Privacy among key issues in Jacksonville body camera debate

Sheriff's Office, police union split on when cameras should be switched off

By Jim Piggott - Reporter

JACKSONVILLE, Fla. - As the Jacksonville Sheriff’s Office tests out body cameras, the back-and-forth negotiations over which policies should govern their use continues between the city and police union.

When the cameras should be switched on and off, and who should make that call, are among the questions that the two sides are currently grappling with.

Those questions were a source of debate during contract talks Friday, the latest in several sessions intended to iron out any wrinkles before body cameras become mandatory.

“If you were dispatched to a call, it goes on. If it’s a traffic stop, it goes on. If it’s a vehicle pursuit, it goes on,” said Steve Zona, president of the Fraternal Order of Police.

The police union volunteered those guidelines, Zona said, because “we believe in that transparency.”

Derrel Chatmon, senior assistant general counsel for the city, said the Sheriff’s Office believes that officers should always have the cameras rolling, but noted there are challenges with that approach.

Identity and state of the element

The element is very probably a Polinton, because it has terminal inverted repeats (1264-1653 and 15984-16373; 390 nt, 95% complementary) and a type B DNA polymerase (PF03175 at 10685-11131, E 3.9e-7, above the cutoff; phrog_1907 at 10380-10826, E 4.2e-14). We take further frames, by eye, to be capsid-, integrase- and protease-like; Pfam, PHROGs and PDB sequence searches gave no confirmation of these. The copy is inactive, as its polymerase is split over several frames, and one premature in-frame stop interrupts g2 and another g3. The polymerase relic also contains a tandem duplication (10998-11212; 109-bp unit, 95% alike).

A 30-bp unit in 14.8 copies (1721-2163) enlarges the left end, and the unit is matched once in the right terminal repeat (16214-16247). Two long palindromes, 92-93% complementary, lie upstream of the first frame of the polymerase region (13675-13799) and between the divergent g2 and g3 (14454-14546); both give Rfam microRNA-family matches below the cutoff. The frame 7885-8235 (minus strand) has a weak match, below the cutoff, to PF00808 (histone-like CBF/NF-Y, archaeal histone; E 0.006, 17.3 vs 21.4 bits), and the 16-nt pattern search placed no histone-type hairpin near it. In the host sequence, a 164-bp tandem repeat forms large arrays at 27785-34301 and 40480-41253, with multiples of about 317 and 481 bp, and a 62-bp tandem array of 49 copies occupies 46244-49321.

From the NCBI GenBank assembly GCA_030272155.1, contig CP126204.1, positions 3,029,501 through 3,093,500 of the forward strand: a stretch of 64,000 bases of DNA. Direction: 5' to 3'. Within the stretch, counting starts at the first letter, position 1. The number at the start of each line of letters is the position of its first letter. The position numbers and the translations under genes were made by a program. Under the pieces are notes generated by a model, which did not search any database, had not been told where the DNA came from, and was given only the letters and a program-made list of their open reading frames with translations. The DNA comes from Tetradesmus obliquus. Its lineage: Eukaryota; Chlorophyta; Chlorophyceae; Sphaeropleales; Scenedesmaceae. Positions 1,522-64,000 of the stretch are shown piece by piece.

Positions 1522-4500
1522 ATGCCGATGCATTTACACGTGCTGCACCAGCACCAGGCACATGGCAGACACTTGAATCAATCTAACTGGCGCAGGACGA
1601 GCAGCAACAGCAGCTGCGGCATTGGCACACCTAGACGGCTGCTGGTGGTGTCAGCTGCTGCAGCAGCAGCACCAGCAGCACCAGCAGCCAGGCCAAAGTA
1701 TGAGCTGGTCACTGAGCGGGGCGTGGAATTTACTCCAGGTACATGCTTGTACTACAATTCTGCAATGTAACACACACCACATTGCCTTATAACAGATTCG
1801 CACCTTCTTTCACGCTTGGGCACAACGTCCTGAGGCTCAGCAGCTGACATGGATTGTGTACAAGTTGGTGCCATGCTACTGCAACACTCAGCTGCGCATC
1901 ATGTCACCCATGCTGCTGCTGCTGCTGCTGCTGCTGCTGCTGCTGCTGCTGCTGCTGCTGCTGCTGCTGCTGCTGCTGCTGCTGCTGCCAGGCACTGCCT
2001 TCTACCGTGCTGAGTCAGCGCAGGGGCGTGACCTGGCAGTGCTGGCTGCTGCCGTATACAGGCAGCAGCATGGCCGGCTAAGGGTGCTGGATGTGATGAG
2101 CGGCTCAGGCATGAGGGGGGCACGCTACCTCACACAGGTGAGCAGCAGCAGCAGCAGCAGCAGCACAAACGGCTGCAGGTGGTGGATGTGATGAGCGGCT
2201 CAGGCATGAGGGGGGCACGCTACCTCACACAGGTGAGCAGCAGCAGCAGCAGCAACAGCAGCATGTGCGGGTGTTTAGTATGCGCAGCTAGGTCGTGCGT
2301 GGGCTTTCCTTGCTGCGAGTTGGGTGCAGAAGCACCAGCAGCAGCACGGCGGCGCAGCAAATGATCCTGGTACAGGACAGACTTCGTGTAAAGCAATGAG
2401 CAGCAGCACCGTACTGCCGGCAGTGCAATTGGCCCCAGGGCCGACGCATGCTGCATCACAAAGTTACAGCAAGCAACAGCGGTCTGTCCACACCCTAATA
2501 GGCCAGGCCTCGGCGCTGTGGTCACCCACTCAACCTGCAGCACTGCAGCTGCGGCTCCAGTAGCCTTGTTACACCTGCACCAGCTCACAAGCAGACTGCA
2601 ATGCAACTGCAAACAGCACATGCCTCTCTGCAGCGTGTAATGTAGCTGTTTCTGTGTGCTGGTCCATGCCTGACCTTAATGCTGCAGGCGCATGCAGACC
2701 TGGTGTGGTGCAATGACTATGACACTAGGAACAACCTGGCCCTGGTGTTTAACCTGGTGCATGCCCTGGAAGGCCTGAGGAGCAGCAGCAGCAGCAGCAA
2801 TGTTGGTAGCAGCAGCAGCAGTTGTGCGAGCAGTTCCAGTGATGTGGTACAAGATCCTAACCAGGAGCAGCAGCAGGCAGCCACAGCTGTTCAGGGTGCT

“There is footage issues, there is cost issues that we have to take into consideration,” Chatmon said.

There was also talk of privacy concerns, particularly when children are involved. The Sheriff’s Office suggested officers should oblige if a citizen asks that the body camera be turned off.

The union disagrees on that point.

“We say let the cameras roll,” Zona said. “You don’t have the right to turn them off, except for a number of enumerated privacy issues that are going to be in the policy.”

The cameras stayed on during the traffic stop last September of Councilman Reginald Gaffney, who was pulled over for a questionable license plate. That stop led to no charges, but it produced the first body camera footage released by the agency since it started trying them out.

The Sheriff’s Office has been trying out body camera products from different vendors since beginning its first phase of a pilot program last July. The pilot program equips roughly 30 officers with the devices. Sheriff Mike Williams has budgeted $1.3 million for the program.

Later this month, the Sheriff’s Office and union are expected to return to the bargaining table. But the pilot program is anticipated to continue throughout the year.

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